We are thrilled that Bill Cassara is our Author of the Week this time, and we hope you enjoy his interview as much as we did.
BMM: What is your background and why did you decide to become a writer?
BC: I earned a degree in Criminology and had a 30 year career in law enforcement. During that time I was already writing professionally doing high stakes police investigations/reports as well as writing professional articles for various journals. I had fun writing when I was off duty and contributed film related articles for Classic Images and the Intra-Tent Journal.
BMM: What books have you written for BearManor, and what are they about?
BC: Edgar Kennedy-Master of the Slowburn- As a kid I used to watch
and Hardy and the
Our Gang/Little Rascals series on T.V. I
noticed they often had a neighborhood policeman by the name of “Kennedy the
Cop.” He was the uniformed officer that
had good intentions, but was always frustrated, sometimes to the point of
tears. Edgar Kennedy, had a robust
career from Chaplin to Doris Day and starred in his own comedy series for 17
years at RKO. The man appeared in over
500 films and was book worthy. Laurel
Vernon Dent-Stooge Heavy - Another character comedian that worked his way up from Sennett, supporting Harry Langdon (and others) and later came into prominence in the Columbia comedies. He was the most prominent comic heavy The Three Stooges ever faced. He appeared in over 400 movies, but no one had ever attempted to write specifically about him.
BMM: Why did you choose those particular subjects?
BC: I wanted to find out more about my subjects and it was clear if I didn’t investigate and write about them, no one else would. Edgar was born in Monterey Co. Calif. where I worked, but no- one knew anything about his childhood or where he was raised.
Vernon Dent was born in my hometown of
, Ca. I consider myself a historian
first and foremost; I discovered San Jose Vernon was the
grandchild of a very prominent citizen and that ’s dad was murdered in the same town. I
learned from an old newspaper that Vernon ’s
debut in show business was by accident.
He was an usher at a new theatre, and during a play, nine year old Vernon fell from the
balcony rail into the orchestra pit. The
many film buffs out there know his work, but not his early childhood and ascent
to show business success. He deserved a
BMM: How long did it take you to write them, and did you find it an easy task?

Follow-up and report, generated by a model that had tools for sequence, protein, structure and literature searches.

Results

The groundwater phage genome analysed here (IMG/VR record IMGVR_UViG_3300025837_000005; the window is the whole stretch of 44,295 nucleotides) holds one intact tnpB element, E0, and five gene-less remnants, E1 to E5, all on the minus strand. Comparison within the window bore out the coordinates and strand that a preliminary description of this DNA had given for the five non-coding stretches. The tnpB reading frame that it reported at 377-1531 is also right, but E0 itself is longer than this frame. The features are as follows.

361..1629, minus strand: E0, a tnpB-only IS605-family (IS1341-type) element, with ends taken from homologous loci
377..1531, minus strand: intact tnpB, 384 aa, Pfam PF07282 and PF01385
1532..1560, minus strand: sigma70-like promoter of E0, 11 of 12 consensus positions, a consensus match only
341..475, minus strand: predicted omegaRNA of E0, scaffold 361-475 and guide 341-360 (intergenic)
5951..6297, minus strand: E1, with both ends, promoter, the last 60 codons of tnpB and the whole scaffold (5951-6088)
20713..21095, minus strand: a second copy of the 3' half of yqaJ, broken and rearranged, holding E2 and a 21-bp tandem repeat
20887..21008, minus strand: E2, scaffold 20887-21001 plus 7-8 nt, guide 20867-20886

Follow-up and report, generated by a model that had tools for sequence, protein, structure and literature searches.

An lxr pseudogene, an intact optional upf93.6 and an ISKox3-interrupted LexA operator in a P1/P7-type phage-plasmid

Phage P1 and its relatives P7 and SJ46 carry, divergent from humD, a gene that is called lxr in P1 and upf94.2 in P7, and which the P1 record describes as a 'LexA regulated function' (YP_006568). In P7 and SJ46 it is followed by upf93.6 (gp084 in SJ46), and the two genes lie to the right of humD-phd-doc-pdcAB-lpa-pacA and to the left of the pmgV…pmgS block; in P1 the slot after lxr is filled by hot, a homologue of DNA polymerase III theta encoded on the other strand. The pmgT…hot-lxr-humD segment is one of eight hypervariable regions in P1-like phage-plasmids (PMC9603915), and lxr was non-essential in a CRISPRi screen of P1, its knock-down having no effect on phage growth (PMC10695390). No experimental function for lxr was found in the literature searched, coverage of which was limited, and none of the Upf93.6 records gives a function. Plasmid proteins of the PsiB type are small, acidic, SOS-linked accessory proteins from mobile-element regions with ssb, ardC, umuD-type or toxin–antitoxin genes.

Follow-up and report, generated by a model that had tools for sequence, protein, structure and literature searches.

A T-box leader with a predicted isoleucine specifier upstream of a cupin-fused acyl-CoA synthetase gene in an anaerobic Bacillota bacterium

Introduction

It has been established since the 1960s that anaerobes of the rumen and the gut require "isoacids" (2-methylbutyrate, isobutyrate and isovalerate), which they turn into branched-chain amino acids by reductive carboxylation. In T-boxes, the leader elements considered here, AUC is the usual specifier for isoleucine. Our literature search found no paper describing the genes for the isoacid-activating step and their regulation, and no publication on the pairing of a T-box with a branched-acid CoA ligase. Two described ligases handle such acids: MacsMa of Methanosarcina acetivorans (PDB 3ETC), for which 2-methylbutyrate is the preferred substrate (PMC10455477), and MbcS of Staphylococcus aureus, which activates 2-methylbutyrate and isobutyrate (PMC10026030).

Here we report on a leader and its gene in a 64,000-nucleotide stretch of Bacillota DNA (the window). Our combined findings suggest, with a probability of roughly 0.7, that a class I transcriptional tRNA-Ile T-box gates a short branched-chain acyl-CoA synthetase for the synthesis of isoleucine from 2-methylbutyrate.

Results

BC: Before anything, I give one solid year of watching films, research and obtaining data before I ever put pen to paper. That year’s time gives me an opportunity to thoroughly know my subject, and of course the investigation continues as I write.
The Edgar book took me longer because I had the advantage of going over Edgar’s daughter’s recollections. Trying to identify films with Edgar and
took a painstaking long time because
there is a lot of false information out there.
The fun I had crafting the words to coincide their personal and
professional lives, gives us a rare insight to their careers. Some reviewers claim they get a sense of the
real person. Vernon
BMM: What can we expect to find in your books?
BC: Before the books were published, my subjects hadn’t been given the recognition they deserve. Both Edgar and
apprenticeships and supported other comedians before they started getting prominent
comedy character roles. I approach my
subjects with a fair viewpoint, flaws and all.
Gone are the days when biographies were extensions of a press agent’s
attempt at putting their client in the best light. Readers want to know about the real person
and how their screen persona developed.
Of course a complete filmography and bibliography is essential. Vernon
BMM: What would you say is the most interesting thing about being a writer?
BC: In this society readers consider authors interesting people. For some reason, retired cops have a bit of a stigma. I like being “an author” better. To me, investigating and researching are parallels, so the same principles are involved. Now I can pick subjects to write about and champion their contributions to comedy. Being an author for Bearmanor Media, I share the common interests of other authors and we help and encourage each other. I enjoy being around other authors, it’s almost like a fraternity when we meet or correspond. We seek help confidentially amongst ourselves without fear of compromise.
BMM: Do you have a website, blog etc, where readers can find you?
BC: My email address is: email@example.com and I have a blog with five pages, photos and details dedicated to Edgar: www.edgarkennedy.org/ we are also in the process of putting a website together to include Vernon Dent.
I’ve been to several book singing venues and I’ll be returning to the Los Angeles Cinecon again this Labor Day weekend to serve as guest author. It’s a pleasure to sell my books, meet other fans and mingle with people in the business.
BMM: Is there anything else you'd like to add?
BC: I am writing another book for Bearmanor Media; Ted Healy-Nobody’s Stooge. This book feels more like the police investigations I used to do. Healy died mysteriously in 1937 and many rumors have ensued. Healy conquered Vaudeville, Broadway, movies and radio. Along the way he added to his extravaganza stage acts some knuckleheads who later became famous as The Three Stooges. There are many books about the Stooges but none about their mentor. This will be another biography where I trace Healy’s life and show business beginnings and reexamine his controversial death. As a retired Internal Affairs Sgt. I can identify what procedures were taken and clarify his cause of death.
We would like to thank Bill for taking part in our Author of the Week feature, and we are really excited to hear more about his new book!
If you would like to order Edgar Kennedy: Master of the Slow Burn, please click here:
And if you would like to order Vernon Dent, Stooge Heavy, please click here: